Why You Need a Curb Ramp for Your RV
RVs and rolled curbs don’t go well together. However, this doesn’t mean that people with rolled curbs shouldn’t own RVs. Curb ramps make it possible for RVs to go over rolled curbs without any issues.
The jolt of going over a rolled curb wreaks enough havoc on a car. Imagine how bad it is for a heavy and long RV! A curb ramp is a lifesaver.
Two Ways RV Owners Benefit From a Curb Ramp
Image Credit: The Senior List
Are you an RV owner with a rolled curb at the end of your driveway? A curb ramp can solve a couple of problems for you because it:
1. Makes it Much Easier for You to Drive Your RV Over a Rolled Curb
Leaving a driveway with a rolled curb is relatively easy. You just have to brace for your car to suddenly plunk down twice. Entering a driveway with a rolled curb is a different story. There’s that dreaded jolt, and you have to give it enough gas to move your entire vehicle over the curb. Getting your RV onto the driveway over a rolled curb requires much more “oomph” due to its weight. A curb ramp removes that requirement and makes this daunting task much easier.
2. Reduces Wear and Tear on Your RV
Whether your RV’s plopping down from your driveway or ramming into the rolled curb to get up on the driveway, it’s taking a beating. Its alignment can get thrown out of whack, the things inside the RV can fall and break from bouncing around so much. RV's with a long overhang can drag and risk damage to the exhaust and undercarriage. A curb ramp reduces the wear and tear caused the jolt that happens every time you exit and enter your driveway.
A Few Curb Ramp Options Worth Considering
Not all curb ramps are created equal. There are types of curb ramps that should not even exist such as an asphalt ramp. But there are a few effective curb ramps that will get the job done:
Option 1: Scrap Wood Blocks
This option is actually only good if you clear a curb with your RV once or twice a year. Perhaps you park your RV in your backyard for most of the year and leave it out only for the summer, for example. Wood blocks are not a good ramp to use all the time because they won't support tons of weight on a regular basis. Also, you can't leave them out 24/7, unless you like getting fined by the HOA or the city. There are various ways to build a ramp out of scrap wood, and you can find tutorials online.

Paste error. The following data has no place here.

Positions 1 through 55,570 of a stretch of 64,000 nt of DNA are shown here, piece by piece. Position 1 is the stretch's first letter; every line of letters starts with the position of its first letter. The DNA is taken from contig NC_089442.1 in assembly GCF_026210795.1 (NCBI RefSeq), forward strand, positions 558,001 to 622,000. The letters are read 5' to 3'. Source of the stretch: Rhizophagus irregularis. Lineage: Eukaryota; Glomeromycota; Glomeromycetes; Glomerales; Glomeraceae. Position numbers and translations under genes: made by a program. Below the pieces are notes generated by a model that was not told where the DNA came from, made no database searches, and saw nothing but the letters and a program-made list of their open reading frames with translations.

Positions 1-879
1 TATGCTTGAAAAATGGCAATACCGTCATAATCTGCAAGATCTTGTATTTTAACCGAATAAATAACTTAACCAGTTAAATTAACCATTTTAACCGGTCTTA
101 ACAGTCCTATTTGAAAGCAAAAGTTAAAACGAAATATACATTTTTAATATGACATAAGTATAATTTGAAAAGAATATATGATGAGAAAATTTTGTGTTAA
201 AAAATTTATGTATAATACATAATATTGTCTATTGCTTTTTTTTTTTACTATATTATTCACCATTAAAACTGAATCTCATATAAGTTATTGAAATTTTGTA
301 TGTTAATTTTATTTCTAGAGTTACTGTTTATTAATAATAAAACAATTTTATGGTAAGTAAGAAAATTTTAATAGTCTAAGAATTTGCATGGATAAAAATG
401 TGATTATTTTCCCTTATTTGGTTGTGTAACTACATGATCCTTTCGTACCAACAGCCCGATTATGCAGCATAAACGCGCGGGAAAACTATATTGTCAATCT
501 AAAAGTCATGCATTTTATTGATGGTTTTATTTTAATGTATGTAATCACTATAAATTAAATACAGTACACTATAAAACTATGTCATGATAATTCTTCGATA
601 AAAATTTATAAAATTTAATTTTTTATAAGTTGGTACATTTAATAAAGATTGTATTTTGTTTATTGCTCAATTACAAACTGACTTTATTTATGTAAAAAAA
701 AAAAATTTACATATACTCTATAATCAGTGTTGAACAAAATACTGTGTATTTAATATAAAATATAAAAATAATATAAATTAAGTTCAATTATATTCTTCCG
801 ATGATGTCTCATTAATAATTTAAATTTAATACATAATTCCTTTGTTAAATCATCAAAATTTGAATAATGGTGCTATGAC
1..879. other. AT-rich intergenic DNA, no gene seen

Option 2: Small Steel or Plastic Ramps
Are you looking for a ramp you can use more often than once or twice a year? Consider using a set of steel or plastic ramps.
Most small steel or plastic ramps are only big enough to support one tire. So two of these ramps are necessary to support the rear of an RV over the curb. Larger RV's will exceed the weight rating of most smaller ramps, and the ramp may bend to the point of being ruined. The ramps also need to be spaced apart the right distance, and that can be pretty tricky to do. Especially since they’re not heavy enough to stay put. Like ramps made out of scrap wood, steel or plastic ramps can’t be left out 24/7. That means you’d have to get them out of your garage every time you need to clear a curb with your RV.
Option 3: BRIDJIT Curb Ramps
Image Credit: Truck Trend
BRIDJIT ramps are full-length rubber curb ramps made from scrap tires. That means they’re well equipped to support any vehicle size and weight, even class A RVs. BRIDJIT ramps are designed to remain at the curb at all times. They have waterways underneath to enable drainage down the curb and they’re heavy enough to stay put. Yet, they are also easily removable. Win-win.
Whether you need to move your RV over the curb once a year or every day, BRIDJIT is an excellent solution. A set of BRIDJIT ramps at the bottom of the driveway make getting the RV in and out of the driveway much easier. They will also reduce wear and tear on daily driven vehicles. Learn more about the benefits of owning a BRIDJIT curb ramp here.